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Cultural management of bluetongue virus vectors

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Authors

Bradley A. Mullens , University of California
John L. Rodriguez, University of California

Publication Information

California Agriculture 44(1):30-32.

Published January 01, 1990

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Author Affiliations show

Abstract

Surveys and experiments in dairy wastewater ponds showed that pond design and management affect populations of blood-feeding gnats that spread bluetongue virus. A voiding shallow evaporation beds, changing water levels weekly, and keeping manure pollution below 300 to 400 milligrams COD per liter will help control gnats.

Full text

Bluetongue disease is common in wild and domestic ruminants in many areas of California. It can cause reproductive problems in cattle and sheep; sheep are more susceptible and may die. Livestock producers may also be economically affected by trade restrictions on animals or semen. The disease is caused by a virus transmitted primarily through blood-feeding by tiny gnats in the genus Culicoides. Presently, five types of the virus are in California. Management of the disease has been difficult, partially because of inadequate knowledge of (1) the virus, (2) its relationships with vertebrate and insect hosts, and (3) the ecology of the gnats that transmit it.

The principal vector in most of the United States is Culicoides variipennis, which is widespread in California. This tiny fly often is found near livestock. Eggs are laid in surface mud at the edge of water and hatch in about 3 days. Larvae develop through four stages and pupate above the waterline. The entire life cycle requires 20 to 35 days in warm weather and 6 to 8 weeks during the winter in southern California.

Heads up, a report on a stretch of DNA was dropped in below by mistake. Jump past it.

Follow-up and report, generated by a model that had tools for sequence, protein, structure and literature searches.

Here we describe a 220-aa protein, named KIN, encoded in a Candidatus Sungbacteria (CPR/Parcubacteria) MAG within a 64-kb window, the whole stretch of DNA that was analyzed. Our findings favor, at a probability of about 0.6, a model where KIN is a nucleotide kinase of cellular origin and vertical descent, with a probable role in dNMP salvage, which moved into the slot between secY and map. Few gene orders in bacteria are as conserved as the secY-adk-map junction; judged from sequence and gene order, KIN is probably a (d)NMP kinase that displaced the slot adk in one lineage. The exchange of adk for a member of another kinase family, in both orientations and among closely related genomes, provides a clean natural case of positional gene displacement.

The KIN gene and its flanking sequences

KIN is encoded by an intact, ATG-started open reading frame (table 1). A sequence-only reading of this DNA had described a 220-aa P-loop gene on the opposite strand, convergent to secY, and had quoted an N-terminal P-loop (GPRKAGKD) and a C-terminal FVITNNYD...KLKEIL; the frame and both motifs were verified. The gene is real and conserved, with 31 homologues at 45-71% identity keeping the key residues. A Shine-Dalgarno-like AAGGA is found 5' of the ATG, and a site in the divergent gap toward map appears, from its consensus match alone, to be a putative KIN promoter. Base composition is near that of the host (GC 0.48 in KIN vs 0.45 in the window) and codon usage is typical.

We have observed larvae in high densities in manure-polluted water sources on southern California dairies in late summer and fall. The immature stages also are common in certain saline or alkaline pools and can occur at lower densities in a wide variety of water sources. We conducted surveys in dairy wastewater ponds in southern California and studied habitat characteristics that appeared to inhibit colonization or survival of C. variipennis.

Dairy wastewater survey

Approximately 140,000 gallons of wastewater are produced per week on a typical California dairy of about 500 cows. This water is used immediately to irrigate adjacent pastures or is stored in ponds or catch basins. There it percolates and evaporates or is pumped out for irrigation.

We sampled at least five times at each of 26 southern California dairy wastewater ponds that were extremely variable in design. Generally, they were either (1) relatively shallow (less than 3 feet deep) evaporation beds or (2) deeper (more than 6 feet), more permanent ponds used for longer term water storage. The evaporation beds were not often pumped for irrigation, but the storage ponds were. The evaporation beds had shallower slopes (average 15°) and sometimes were visited by cattle, while the storage ponds had steeper slopes (average 28°) and seldom were visited by cattle.